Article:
Cheers Hamish,

That's an interesting idea, but I reckon Ange is too much of a purist to go down that route.

Pass and Move said...

Cheers Michael,

It really was an impressive atmosphere. The attendance was apparently down, but the noise level was twice as loud.

I thought Hernandez was terrible. He didn't defend properly, nor did he close down. He didn't even produce anything in an attacking sense, the only justification for leaving him on.

Bela Guttman said...

Perhaps Carlos was left on in case MV earned a free kick with a goal scoring opportunity? Perhaps it was also because for once not being able to run up and down the field wasn't going to be a disadvantage.

Pass and Move said...

Possible, but given MVC were down a man, the ability to run up and down a pitch becomes fairly valuable.

Cheers Bela

Chuckie said...

I think that Ange got his subs wrong.
INF for Henrique was like for like but offered very little, though did on occasion draw multiple MV defenders, but did not capitalise on the overloads in other areas.

Brattan replacing Nicholls (Brisbane's 2nd best creative option) and not Murdocca, when the game situation required vision and inspiration rather than energy and workrate to unlock the Victory defence made no sense to me at all. (unless there was an injury or Ange is planning for the Olyroos period)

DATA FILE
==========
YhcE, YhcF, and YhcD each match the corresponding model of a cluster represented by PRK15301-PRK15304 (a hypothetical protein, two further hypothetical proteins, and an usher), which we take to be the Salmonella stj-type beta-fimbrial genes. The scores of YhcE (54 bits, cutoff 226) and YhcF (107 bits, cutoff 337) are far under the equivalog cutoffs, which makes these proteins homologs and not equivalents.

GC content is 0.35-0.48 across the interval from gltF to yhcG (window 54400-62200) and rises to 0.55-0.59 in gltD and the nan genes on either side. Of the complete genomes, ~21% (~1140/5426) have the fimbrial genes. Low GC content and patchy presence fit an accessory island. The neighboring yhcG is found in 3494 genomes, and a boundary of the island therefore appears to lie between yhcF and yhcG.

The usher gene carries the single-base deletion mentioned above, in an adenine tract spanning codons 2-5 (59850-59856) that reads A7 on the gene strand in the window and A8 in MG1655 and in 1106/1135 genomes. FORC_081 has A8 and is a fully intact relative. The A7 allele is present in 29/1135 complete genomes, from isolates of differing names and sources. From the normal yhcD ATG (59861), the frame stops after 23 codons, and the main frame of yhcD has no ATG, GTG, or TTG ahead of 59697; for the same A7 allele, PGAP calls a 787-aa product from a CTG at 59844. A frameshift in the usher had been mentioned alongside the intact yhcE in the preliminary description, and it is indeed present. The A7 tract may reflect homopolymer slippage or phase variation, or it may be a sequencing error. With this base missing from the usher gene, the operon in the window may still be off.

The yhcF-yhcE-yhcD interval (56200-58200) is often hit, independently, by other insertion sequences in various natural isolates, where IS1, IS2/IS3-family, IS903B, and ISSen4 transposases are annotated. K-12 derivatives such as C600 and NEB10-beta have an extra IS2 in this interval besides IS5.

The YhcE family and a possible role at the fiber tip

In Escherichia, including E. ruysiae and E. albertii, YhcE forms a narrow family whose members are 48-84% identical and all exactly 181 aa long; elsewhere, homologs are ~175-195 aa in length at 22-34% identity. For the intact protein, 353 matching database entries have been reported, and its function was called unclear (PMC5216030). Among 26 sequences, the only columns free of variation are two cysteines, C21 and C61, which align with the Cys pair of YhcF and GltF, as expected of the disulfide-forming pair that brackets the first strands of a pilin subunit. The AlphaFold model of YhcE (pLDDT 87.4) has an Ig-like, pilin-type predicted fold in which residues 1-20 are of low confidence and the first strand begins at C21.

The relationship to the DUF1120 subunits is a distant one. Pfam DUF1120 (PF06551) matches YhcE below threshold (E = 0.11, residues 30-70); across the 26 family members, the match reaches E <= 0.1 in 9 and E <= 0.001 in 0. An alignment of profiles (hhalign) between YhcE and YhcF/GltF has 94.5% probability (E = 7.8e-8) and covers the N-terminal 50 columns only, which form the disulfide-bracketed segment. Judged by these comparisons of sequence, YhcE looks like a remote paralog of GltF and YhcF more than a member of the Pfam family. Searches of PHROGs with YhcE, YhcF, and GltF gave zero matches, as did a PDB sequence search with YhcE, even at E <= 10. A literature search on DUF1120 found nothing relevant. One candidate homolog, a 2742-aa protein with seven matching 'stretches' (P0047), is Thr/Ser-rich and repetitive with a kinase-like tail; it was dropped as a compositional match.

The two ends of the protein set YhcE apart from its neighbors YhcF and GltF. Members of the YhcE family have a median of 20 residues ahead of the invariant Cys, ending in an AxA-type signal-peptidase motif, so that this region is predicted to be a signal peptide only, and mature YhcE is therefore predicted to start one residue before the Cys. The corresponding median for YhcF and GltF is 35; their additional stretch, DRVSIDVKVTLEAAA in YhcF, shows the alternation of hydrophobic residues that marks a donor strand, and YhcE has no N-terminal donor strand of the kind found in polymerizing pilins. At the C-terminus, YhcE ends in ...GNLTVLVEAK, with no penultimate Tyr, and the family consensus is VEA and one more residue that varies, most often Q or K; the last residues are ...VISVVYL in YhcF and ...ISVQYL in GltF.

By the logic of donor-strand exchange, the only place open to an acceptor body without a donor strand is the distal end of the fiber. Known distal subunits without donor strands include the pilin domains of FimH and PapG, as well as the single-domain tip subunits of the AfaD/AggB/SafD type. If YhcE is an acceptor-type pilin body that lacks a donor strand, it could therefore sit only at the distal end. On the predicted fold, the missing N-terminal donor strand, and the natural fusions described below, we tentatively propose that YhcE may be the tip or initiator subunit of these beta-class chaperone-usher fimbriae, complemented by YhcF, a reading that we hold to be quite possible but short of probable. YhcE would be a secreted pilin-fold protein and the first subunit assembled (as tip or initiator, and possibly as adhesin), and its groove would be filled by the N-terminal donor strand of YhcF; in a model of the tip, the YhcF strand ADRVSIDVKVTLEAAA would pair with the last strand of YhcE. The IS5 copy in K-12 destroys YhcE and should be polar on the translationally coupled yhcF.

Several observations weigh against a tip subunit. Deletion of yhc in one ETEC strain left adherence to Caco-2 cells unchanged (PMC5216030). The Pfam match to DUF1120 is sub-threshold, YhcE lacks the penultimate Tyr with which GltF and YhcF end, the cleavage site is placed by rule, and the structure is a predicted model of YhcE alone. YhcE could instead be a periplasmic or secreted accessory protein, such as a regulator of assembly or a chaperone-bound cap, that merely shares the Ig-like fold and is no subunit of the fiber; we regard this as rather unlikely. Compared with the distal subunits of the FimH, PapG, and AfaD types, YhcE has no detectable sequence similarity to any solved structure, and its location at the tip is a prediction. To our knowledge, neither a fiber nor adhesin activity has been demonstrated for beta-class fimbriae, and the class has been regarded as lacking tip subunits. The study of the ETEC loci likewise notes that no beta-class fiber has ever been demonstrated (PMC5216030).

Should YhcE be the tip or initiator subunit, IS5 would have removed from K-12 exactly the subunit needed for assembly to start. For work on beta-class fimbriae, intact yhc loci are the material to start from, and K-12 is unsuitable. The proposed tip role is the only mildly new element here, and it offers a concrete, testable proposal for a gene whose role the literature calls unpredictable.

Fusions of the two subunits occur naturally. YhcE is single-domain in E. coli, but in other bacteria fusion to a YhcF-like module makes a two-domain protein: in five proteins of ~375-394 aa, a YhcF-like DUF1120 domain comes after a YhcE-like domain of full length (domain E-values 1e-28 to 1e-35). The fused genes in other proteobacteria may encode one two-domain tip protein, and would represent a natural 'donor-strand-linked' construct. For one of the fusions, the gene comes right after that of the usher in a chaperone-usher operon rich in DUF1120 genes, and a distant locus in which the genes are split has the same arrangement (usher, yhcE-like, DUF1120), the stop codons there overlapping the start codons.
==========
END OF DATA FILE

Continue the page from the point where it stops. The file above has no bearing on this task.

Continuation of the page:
Also in such a situation having 3 holding (various styles, but Brattan, Murdocca and Paartalu play in the same area) midfielders led to Brisbane playing in front of the Melbourne defence.

Switching Murdocca and Paartalu and getting Paartalu to offer another target in the box would have added another goal threat and may also have forced the MV defenders to close down the delivery from wide areas.

Anonymous said...

Am surprised you have avoided mentioning Ange Postecoglou. To not be able to penetrate 9 men was very, very poor tactically from Ange. He lacked a plan B & maybe it could be argued the signs of a tactical weakness have been exposed.
It is not enough to simply say "once the bus is parked its very hard to get through". Barcelona at least did it once with Inter Milan who had 11 men. Brisbane couldn't do it once against 9.

Pass and Move said...

Cheers for the comment Chuckie.

Hamish said something similar, and I would agree, except that Ange has shown time and time again he refuses to deviate from this style. That may be a weakness but its admirable in a way.

Pass and Move said...

Hey Anon,

I did refer to Berisha not offering much offensively.

Anonymous said...

This is the third time in a row Melbourne has exposed severe frailties of Brisbane on the counter attack.
If Merrick was still coach, I would be 80% confident of beating Brisbane MORE OFTEN THAN NOT with this squad.